Ultimately the NASA Mission Management Team felt there was insufficient evidence to indicate that the strike was an unsafe situation, so they declared the debris strike a "turnaround" issue (not of highest importance) and denied the requests for the Department of Defense images.
    http://en.wikipedia.org/wiki/Space_S...ncy_procedures

    The CAIB determined a rescue mission, though risky, might have been possible provided NASA management took action soon enough.[25][24] The CAIB determined that had NASA management acted in time, two possible contingency procedures were available: a rescue mission by shuttle Atlantis, and an emergency spacewalk to attempt repairs to the left wing thermal protection.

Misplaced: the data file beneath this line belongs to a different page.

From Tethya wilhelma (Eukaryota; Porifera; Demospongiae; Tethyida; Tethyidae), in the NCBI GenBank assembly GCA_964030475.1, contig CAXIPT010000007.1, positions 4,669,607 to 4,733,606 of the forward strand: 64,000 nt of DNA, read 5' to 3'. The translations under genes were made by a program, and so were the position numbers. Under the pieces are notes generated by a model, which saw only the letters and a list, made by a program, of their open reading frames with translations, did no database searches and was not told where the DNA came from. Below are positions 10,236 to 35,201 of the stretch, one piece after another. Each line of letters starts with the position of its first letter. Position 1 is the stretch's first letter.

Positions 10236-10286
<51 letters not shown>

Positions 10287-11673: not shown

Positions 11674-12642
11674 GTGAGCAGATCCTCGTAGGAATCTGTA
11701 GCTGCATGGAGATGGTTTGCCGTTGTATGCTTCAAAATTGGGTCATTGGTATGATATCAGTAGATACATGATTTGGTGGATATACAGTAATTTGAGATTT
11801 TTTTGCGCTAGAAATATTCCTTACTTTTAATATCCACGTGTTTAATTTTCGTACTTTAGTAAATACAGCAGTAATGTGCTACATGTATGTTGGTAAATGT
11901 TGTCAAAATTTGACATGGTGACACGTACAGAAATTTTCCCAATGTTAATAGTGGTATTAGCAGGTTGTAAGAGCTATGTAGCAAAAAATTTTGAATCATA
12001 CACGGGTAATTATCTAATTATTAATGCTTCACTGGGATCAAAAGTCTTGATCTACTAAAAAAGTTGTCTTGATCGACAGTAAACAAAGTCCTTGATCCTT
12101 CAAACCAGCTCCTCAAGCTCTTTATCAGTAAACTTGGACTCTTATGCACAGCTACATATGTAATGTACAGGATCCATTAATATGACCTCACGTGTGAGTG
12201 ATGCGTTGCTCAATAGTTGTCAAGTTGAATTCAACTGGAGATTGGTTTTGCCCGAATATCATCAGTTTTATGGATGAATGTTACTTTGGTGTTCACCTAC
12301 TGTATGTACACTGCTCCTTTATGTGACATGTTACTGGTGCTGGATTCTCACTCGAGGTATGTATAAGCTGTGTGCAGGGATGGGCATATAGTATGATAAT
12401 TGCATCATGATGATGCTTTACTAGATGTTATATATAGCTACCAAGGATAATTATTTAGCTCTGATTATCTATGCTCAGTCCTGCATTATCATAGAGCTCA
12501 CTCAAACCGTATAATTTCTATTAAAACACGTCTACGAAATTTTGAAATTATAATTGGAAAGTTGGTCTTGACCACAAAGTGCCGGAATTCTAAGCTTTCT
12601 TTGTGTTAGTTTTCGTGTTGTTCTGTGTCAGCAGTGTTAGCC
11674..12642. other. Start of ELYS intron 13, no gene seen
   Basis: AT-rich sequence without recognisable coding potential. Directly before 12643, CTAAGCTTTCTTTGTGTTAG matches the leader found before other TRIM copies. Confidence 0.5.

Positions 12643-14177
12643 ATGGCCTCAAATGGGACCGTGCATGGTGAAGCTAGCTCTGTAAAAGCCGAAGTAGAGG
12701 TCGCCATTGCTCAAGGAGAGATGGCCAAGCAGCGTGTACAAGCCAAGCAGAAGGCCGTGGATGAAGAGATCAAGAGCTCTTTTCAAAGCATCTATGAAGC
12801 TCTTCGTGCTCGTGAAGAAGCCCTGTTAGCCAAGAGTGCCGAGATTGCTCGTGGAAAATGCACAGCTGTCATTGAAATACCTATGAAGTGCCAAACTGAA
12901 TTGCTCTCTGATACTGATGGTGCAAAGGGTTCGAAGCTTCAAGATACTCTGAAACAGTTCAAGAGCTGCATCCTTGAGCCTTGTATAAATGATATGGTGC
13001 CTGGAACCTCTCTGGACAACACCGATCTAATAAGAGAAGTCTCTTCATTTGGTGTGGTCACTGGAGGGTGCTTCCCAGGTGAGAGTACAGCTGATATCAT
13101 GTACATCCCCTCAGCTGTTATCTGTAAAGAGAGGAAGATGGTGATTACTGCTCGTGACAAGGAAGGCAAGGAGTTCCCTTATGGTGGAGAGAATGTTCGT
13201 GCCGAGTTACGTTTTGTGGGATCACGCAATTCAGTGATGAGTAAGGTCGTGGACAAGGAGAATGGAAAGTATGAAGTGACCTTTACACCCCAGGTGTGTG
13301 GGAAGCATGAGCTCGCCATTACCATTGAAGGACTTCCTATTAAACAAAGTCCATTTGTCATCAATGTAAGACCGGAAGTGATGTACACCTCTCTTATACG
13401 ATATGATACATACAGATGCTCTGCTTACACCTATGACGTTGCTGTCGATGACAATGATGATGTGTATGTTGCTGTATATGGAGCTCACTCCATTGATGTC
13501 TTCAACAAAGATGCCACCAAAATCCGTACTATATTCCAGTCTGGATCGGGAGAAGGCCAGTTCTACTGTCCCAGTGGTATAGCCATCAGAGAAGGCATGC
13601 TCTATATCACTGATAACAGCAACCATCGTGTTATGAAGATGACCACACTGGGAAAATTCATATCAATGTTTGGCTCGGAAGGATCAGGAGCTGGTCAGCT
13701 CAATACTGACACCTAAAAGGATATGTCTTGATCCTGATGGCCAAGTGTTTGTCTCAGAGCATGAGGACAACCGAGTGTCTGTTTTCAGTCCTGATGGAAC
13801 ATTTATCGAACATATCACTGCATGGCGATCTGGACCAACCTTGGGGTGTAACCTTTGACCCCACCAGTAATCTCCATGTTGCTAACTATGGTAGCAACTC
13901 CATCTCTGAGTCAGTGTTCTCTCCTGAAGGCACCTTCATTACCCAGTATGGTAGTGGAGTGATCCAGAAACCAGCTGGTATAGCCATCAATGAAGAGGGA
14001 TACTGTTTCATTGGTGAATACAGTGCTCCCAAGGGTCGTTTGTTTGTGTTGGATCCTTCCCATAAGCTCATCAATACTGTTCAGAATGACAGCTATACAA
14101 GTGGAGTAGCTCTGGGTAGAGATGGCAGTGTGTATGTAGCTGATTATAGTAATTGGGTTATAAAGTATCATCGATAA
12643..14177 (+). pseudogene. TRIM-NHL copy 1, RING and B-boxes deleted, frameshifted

Rescue

    Normally a rescue mission is not possible, due to the time required to prepare a shuttle for launch, and the limited consumables (power, water, air) of an orbiting shuttle. However, Atlantis was well along in processing for a March 1 launch, and Columbia carried an unusually large quantity of consumables due to an Extended Duration Orbiter package. The CAIB determined that this would have allowed Columbia to stay in orbit until flight day 30 (February 15). NASA investigators determined that Atlantis processing could have been expedited with no skipped safety checks for a February 10 launch. Hence if nothing went wrong there was a five-day overlap for a possible rescue.

    Repair

    NASA investigators determined on-orbit repair by the shuttle astronauts was possible but risky, primarily due to the uncertain resiliency of the repair using available materials.[25][24]